European Journal of Wildlife Research

, Volume 57, Issue 1, pp 1–13 | Cite as

Bridging the gaps between non-invasive genetic sampling and population parameter estimation

  • Francesca Marucco
  • Luigi Boitani
  • Daniel H. Pletscher
  • Michael K. Schwartz
Review

Abstract

Reliable estimates of population parameters are necessary for effective management and conservation actions. The use of genetic data for capture–recapture (CR) analyses has become an important tool to estimate population parameters for elusive species. Strong emphasis has been placed on the genetic analysis of non-invasive samples, or on the CR analysis; however, little attention has been paid to the simultaneous overview of the full non-invasive genetic CR analysis, and the important insights gained by understanding the interactions between the different parts of the technique. Here, we review the three main steps of the approach: designing the appropriate sampling scheme, conducting the genetic lab analysis, and applying the CR analysis to the genetic results; and present a synthesis of this topic with the aim of discussing the primary limitations and sources of error. We discuss the importance of the integration between these steps, the unique situations which occur with non-invasive studies, the role of ecologists and geneticists throughout the process, the problem of error propagation, and the sources of biases which can be present in the final estimates. We highlight the importance of team collaboration and offer a series of recommendations to wildlife ecologists who are not familiar with this topic yet but may want to use this tool to monitor populations through time.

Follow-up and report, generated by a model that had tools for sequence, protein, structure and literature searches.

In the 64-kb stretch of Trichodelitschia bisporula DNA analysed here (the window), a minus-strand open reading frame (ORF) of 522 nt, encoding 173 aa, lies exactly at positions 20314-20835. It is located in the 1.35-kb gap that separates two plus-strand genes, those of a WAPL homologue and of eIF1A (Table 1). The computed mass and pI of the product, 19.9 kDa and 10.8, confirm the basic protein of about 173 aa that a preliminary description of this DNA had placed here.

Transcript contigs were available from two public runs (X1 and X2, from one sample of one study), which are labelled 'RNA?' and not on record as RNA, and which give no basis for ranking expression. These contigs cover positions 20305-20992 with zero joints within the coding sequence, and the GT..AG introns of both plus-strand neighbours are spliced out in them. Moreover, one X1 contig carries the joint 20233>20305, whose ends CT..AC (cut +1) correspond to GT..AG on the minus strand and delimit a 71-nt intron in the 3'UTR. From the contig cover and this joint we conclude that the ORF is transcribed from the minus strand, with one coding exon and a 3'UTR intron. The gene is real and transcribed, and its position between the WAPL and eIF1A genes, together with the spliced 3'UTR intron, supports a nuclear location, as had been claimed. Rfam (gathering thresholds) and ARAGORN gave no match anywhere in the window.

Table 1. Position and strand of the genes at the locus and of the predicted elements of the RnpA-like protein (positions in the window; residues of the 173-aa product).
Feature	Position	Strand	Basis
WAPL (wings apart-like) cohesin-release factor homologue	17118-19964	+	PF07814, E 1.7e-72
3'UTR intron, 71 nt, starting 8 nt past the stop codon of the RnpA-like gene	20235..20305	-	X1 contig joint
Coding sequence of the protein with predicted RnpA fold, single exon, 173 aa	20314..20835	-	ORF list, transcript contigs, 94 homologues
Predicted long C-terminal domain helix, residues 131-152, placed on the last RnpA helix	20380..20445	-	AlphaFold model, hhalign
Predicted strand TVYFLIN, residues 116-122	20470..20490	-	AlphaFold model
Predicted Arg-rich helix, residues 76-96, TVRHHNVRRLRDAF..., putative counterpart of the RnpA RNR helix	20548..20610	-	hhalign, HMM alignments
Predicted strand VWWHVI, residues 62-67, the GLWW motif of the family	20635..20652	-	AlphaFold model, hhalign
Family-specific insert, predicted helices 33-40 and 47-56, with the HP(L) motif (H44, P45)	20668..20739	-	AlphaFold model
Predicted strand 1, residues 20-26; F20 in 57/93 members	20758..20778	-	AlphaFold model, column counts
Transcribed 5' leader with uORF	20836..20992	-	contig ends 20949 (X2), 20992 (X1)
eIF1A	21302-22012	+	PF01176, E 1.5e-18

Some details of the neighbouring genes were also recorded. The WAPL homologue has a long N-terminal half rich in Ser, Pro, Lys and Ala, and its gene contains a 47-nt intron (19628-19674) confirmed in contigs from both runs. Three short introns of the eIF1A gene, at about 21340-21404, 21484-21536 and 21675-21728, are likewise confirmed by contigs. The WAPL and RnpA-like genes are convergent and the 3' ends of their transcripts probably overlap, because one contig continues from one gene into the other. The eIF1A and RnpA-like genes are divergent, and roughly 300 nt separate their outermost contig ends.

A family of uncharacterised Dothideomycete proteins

Keywords

Capture-mark-recapture Genetic Molecular tagging Non-invasive Population size 

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Copyright information

© Springer-Verlag 2010

Authors and Affiliations

  • Francesca Marucco
    • 1
  • Luigi Boitani
    • 2
  • Daniel H. Pletscher
    • 3
  • Michael K. Schwartz
    • 4
  1. 1.Progetto Lupo Piemonte, Centro Gestione e Conservazione Grandi CarnivoriValdieriItaly
  2. 2.Department of Human and Animal BiologyUniversity of Roma “La Sapienza”RomeItaly
  3. 3.Wildlife Biology Program, Department of Ecosystem and Conservation SciencesUniversity of MontanaMissoulaUSA
  4. 4.USDA Forest Service Rocky Mountain Research StationMissoulaUSA

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